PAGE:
It’s not often that a film stays with you days after you’ve watched it. But Montage of Heck, Brett Morgen’s extensive, beautiful, and devastating documentary on late Nirvana frontman Kurt Cobain, utterly sticks to your ribs.

The doc—which hit a few theaters April 24, and airs tonight on HBO—is a thorough, sprawling look into Cobain’s short life, filled with journal entires, home videos, family photos, and talking-head interviews, with the biggest gaps in his personal history filled in with animations. It feels complete. You see every version of Kurt: artist, son, rock star, friend, husband, father. You get to know someone who’s funny and complicated and genuine, and not just an alt-rock icon or a junkie or a cultural abstraction. Above all, it makes him feel like a real person. And I guess that’s what makes the loss feel a bit more real.

Montage of Heck gets its name from a cassette Cobain made in 1988, when he was barely out of his teens. The movie starts from the very beginning with his birth in Aberdeen, Wash., then traces through his childhood, adolescence, rise to fame, and subsequent struggles with fame (and heroin). It also explores his relationships with his parents, his lovers, his daughter, his band, and, perhaps most troubling to him personally, his rabid fans.


The different parts of the story are woven together with animation done by Dutch filmmaker Husko Hulsing, which bring to life aspects of Cobain’s life that only existed in his journals previously, putting his own words and drawings up on the big screen. Turns out he was a talented visual artist, too, which was not exactly an unknown fact, but it’s such a centerpiece here that you’re left with the idea that everything he created was an authentic part of him, rather than a means to become famous or serve some other dubious motivation.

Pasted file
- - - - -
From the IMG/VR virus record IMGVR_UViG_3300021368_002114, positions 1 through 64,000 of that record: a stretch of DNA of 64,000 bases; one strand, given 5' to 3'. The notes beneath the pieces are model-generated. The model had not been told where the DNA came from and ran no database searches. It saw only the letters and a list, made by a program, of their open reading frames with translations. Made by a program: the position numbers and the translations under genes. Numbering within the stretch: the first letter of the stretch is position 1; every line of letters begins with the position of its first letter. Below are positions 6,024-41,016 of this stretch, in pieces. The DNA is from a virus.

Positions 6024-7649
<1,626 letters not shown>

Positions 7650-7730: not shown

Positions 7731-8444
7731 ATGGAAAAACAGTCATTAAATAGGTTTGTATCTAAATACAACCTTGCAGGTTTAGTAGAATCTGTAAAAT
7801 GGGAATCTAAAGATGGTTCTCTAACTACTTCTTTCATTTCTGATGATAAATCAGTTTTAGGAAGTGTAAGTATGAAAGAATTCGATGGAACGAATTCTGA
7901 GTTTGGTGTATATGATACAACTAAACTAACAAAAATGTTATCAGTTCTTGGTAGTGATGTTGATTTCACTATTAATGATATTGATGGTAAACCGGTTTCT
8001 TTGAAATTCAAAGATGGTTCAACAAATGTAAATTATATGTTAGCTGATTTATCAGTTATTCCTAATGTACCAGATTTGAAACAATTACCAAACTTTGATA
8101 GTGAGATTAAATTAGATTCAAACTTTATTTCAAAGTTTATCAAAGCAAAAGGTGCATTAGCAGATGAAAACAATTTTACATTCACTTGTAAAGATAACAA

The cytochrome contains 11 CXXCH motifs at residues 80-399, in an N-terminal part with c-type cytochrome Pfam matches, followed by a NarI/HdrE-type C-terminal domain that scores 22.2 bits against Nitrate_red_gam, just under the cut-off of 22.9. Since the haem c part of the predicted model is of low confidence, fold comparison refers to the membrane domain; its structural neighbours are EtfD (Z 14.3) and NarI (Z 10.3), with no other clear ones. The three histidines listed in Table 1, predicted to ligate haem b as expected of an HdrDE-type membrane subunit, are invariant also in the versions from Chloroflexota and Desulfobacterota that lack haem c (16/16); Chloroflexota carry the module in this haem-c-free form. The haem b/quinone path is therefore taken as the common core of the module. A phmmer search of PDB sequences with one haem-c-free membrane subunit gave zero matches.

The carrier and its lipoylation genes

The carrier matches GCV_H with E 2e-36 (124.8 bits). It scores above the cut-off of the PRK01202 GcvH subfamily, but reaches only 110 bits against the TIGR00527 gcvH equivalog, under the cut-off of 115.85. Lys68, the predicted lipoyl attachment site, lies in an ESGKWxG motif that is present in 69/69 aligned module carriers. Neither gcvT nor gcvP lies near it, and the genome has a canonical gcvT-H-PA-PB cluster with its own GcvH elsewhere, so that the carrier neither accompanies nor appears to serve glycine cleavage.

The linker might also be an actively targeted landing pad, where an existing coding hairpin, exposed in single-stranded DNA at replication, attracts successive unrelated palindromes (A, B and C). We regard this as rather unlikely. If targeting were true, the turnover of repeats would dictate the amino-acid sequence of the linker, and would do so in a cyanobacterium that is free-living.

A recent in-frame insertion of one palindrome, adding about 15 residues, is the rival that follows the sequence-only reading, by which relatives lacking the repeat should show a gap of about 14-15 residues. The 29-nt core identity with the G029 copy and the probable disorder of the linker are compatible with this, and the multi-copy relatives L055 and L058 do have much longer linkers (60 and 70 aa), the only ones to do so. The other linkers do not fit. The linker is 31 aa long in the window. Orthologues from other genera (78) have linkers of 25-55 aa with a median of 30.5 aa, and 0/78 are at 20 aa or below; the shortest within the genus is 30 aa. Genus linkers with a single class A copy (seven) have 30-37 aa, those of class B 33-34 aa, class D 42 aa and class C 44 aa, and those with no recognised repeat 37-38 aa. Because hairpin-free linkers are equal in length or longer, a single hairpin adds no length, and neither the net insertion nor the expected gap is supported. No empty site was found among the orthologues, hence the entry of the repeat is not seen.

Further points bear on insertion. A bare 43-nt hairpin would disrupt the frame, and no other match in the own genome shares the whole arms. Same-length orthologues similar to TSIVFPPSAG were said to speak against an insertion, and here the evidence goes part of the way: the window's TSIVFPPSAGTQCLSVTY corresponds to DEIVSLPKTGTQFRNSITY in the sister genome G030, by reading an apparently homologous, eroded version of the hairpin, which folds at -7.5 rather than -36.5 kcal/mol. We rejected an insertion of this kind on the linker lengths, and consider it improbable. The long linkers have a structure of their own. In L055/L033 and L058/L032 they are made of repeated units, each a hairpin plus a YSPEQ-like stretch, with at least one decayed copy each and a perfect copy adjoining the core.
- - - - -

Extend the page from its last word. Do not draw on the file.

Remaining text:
This is certainly not the first depiction of Kurt Cobain on film. In 2005, Gus Van Sant put out Last Days, the fictional tale of a rock musician named Blake who succumbs to the intensifying pressures of fame, goes into isolation, and presumably kills himself. But that was more an artistic interpretation. There was also 1998’s lurid Kurt & Courtney, a documentary that explores Kurt’s tumultuous relationship with wife Courtney Love, and more or less endorses the conspiracy theories that she might have killed him herself. But both those films focus on his death and its aftermath; Montage of Heck focuses on his life and all its complications.


It’s also the one and only Kurt Cobain project with the approval of his family, including his and Courtney’s daughter, Frances Bean Cobain, who serves as executive producer. That might seem odd on paper, but once you see the film, it feels perfect. She barely knew her dad; he died when she was about a year and a half old. The footage here is about as close as she can get to him.